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Rio Grande ground squirrel enjoys fruits of the dunes

Updated: Jun 12, 2022

Published June 4, 2022 in the McAllen Monitor

Story and photos by Anita Westervelt, Texas Master Naturalist

Participating in the annual City Nature Challenge is a fulfilling solitary venture. It is exceptionally fun when paired with another person who shares the same interests and goals. The event’s goal each year is to document as many native species as possible during a four-day period – one of those days being a beach day, of course!

Cameron County’s Isla Blanca Park, on South Padre Island, offers an abundance of species. The many parking lots allow for saving time between photographic opportunities. The lots themselves offer their own special diversity, and we always hope to see a Rio Grande ground squirrel (Ictidomys parvidens). Not that we always get a photo of the quick and illusive rodent. They scurry at speed and disappear without warning.

Teaming up allows one person to scout while the other slowly drives, ready to stop on signal. It was just such an instance when we were able to photograph the ground squirrel this year. It was nearing late afternoon when we spied the small creature feasting on wedgeleaf prairie clover (Dalea emarginata) at the edge of the parking lot curb.

Rio Grande Ground Squirrel eating a Wedgeleaf Prairie Clover legume. (Photo by Anita Westervelt)

We had stopped about 15 feet from the critter; the idling vehicle alerted it to flee. We waited, trying to see where it had gone, when there it was again, back at the clover. If it had not been so delectable a meal, the squirrel may not have kept coming back. We stayed our ground; I had the camera with telephoto lens at the ready.

It was intriguing to watch the tiny creature grasp a clover legume between its paws, sit upright on its haunches and gnaw on the pod like we might eat corn-on-the-cob. Wedgeleaf prairie clover is a sandy soil legume native to the Texas Gulf beaches and coastal dune grasslands.

Wedgeleaf Prairie Clover. (Photo by Anita Westervelt)

Rio Grande ground squirrels populate southern and western Texas. They are less than 11 inches in length, their moderately bushy tail is about four and one-half inches long. Nine rows of squarish white spots are prominent on the back of their coat; their underparts are a whitish buff color. Males weigh less than three-quarters of a pound, nearly twice as much as the female.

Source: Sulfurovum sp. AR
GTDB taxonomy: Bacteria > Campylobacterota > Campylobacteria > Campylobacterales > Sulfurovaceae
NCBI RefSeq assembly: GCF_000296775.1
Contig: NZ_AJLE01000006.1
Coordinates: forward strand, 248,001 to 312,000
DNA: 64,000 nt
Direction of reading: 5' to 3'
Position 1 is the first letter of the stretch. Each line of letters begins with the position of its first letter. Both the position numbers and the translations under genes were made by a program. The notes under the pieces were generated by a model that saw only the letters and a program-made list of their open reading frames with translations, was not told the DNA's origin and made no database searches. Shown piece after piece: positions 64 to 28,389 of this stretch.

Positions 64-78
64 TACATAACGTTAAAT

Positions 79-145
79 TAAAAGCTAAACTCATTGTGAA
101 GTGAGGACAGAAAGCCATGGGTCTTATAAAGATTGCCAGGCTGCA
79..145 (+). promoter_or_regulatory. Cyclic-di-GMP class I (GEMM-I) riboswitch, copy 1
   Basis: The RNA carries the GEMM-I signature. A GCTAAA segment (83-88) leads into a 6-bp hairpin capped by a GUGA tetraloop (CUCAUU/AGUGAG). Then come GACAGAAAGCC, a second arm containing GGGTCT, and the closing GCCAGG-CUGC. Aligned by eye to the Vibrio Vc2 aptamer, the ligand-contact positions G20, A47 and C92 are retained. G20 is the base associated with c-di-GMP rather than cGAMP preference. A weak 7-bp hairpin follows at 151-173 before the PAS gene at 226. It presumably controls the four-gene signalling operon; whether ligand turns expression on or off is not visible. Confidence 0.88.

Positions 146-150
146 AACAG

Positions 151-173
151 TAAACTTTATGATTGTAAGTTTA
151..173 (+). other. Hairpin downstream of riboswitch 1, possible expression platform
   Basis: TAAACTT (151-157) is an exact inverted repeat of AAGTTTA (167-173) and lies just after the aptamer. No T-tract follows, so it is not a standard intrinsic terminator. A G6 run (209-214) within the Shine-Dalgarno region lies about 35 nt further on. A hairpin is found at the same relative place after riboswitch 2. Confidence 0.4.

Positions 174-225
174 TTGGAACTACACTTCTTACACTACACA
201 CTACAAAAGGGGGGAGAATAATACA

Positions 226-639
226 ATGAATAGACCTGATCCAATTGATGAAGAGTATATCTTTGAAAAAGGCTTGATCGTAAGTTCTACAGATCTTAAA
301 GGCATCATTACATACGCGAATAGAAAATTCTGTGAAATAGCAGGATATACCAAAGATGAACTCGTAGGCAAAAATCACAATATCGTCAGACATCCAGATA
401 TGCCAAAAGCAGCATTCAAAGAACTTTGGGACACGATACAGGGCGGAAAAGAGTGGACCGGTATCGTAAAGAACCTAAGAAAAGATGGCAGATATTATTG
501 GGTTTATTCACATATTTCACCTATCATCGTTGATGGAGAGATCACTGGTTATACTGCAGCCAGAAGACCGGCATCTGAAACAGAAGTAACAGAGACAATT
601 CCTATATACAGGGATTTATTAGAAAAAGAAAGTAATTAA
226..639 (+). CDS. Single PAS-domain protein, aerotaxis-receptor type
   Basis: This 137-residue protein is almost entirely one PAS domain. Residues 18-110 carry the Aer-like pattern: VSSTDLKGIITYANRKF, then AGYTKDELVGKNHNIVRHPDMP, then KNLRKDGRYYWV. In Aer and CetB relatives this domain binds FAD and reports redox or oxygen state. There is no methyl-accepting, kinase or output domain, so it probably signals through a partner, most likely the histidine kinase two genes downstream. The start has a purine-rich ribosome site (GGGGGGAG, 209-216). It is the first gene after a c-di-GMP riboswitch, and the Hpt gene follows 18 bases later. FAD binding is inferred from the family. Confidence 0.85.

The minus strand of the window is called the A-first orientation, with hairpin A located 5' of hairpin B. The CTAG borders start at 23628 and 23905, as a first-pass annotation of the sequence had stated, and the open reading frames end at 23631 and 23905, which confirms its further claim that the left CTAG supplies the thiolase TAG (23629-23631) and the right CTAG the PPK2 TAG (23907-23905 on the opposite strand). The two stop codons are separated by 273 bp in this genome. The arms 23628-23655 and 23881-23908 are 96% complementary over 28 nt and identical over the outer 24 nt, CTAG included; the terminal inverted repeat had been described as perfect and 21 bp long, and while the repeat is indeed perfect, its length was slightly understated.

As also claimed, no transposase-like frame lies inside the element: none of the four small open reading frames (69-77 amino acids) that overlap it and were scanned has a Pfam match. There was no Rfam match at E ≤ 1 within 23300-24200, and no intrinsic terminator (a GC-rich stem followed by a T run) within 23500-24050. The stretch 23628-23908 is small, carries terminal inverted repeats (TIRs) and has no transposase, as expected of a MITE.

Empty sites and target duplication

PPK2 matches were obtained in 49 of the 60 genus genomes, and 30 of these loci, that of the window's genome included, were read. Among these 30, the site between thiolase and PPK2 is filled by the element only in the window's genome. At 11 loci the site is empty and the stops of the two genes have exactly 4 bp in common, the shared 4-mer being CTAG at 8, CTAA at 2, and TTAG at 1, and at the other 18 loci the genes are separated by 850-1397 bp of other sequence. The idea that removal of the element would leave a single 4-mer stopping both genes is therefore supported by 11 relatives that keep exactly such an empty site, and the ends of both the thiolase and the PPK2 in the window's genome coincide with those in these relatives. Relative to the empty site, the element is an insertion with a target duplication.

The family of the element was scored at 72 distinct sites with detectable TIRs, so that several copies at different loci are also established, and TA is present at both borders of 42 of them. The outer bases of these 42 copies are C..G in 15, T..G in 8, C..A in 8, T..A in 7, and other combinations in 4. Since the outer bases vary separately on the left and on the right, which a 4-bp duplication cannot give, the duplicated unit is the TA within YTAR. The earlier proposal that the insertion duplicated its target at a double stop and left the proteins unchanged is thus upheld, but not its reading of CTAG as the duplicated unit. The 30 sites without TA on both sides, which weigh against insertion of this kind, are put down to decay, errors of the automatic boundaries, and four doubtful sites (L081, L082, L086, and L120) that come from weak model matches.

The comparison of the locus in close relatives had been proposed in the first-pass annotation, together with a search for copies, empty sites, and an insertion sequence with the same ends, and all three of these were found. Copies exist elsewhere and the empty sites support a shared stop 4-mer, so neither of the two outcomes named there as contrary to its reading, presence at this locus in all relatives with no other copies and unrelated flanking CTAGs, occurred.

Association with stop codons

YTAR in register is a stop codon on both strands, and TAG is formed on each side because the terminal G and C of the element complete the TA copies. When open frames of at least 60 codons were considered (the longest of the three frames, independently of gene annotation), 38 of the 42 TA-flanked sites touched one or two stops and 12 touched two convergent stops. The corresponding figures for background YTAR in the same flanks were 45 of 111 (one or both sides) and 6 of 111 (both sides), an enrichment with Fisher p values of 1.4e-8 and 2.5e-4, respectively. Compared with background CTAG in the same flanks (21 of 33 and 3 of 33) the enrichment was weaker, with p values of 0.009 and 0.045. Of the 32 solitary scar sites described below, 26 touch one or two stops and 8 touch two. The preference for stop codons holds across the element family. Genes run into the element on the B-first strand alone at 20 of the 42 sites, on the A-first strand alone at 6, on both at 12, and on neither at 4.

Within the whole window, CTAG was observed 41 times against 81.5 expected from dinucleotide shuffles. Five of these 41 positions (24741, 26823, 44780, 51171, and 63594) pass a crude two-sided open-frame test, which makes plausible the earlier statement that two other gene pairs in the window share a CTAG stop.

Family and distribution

The spotted coat of the Rio Grande Ground Squirrel. (Photo by Anita Westervelt)

The squirrels like our coastal sands. Midland Rio Grande ground squirrels like brushy or grassy areas, mesquite and cactus flats, golf courses, cemeteries, city parks and along highway rights-of-way. They prefer sandy or gravelly soils for digging burrows. Burrow entrances will be unmarked, without mounds of earth around them; a burrow can be one to several feet deep and may have an additional opening. There may be several burrows in its range, with one considered the homesite; the others are temporary refuges – which may explain how our subject kept disappearing and reappearing. Their home range is a radius of about 50 yards.

They are hunters and gatherers. In early spring, their diet consists mostly of green vegetation. They feed on mesquite leaves and beans, berries, Johnsongrass, seeds and cultivated grains. In early summer, about half their diet includes insects. They are active all year in south Texas and hibernate in the rest of their range.

Two upcoming open citizen science projects to participate in are via, a free and user friendly site to create an account and join the projects to help create useful data that help scientists understand when and where organisms occur.

· Pollinator Week 2022, is June 20 to 26. This pollinator bioblitz will be for recording observations in Cananda, Mexico and the United States, of bees, bats, butterflies, hover flies and hummingbirds. Join the project at the following link:

· National Moth Week 2022, is July 23 to 31. This worldwide project is for recording observations of moths. Join it at this link:

For methods for finding moths, visit:

A bioblitz is a communal citizen-science effort to record as many species within a designated location and time period as possible. Read more about bioblitz at the following link:

Information from studies published by Texas Tech University and AgriLife Extension, Texas A&M were helpful in writing this article.


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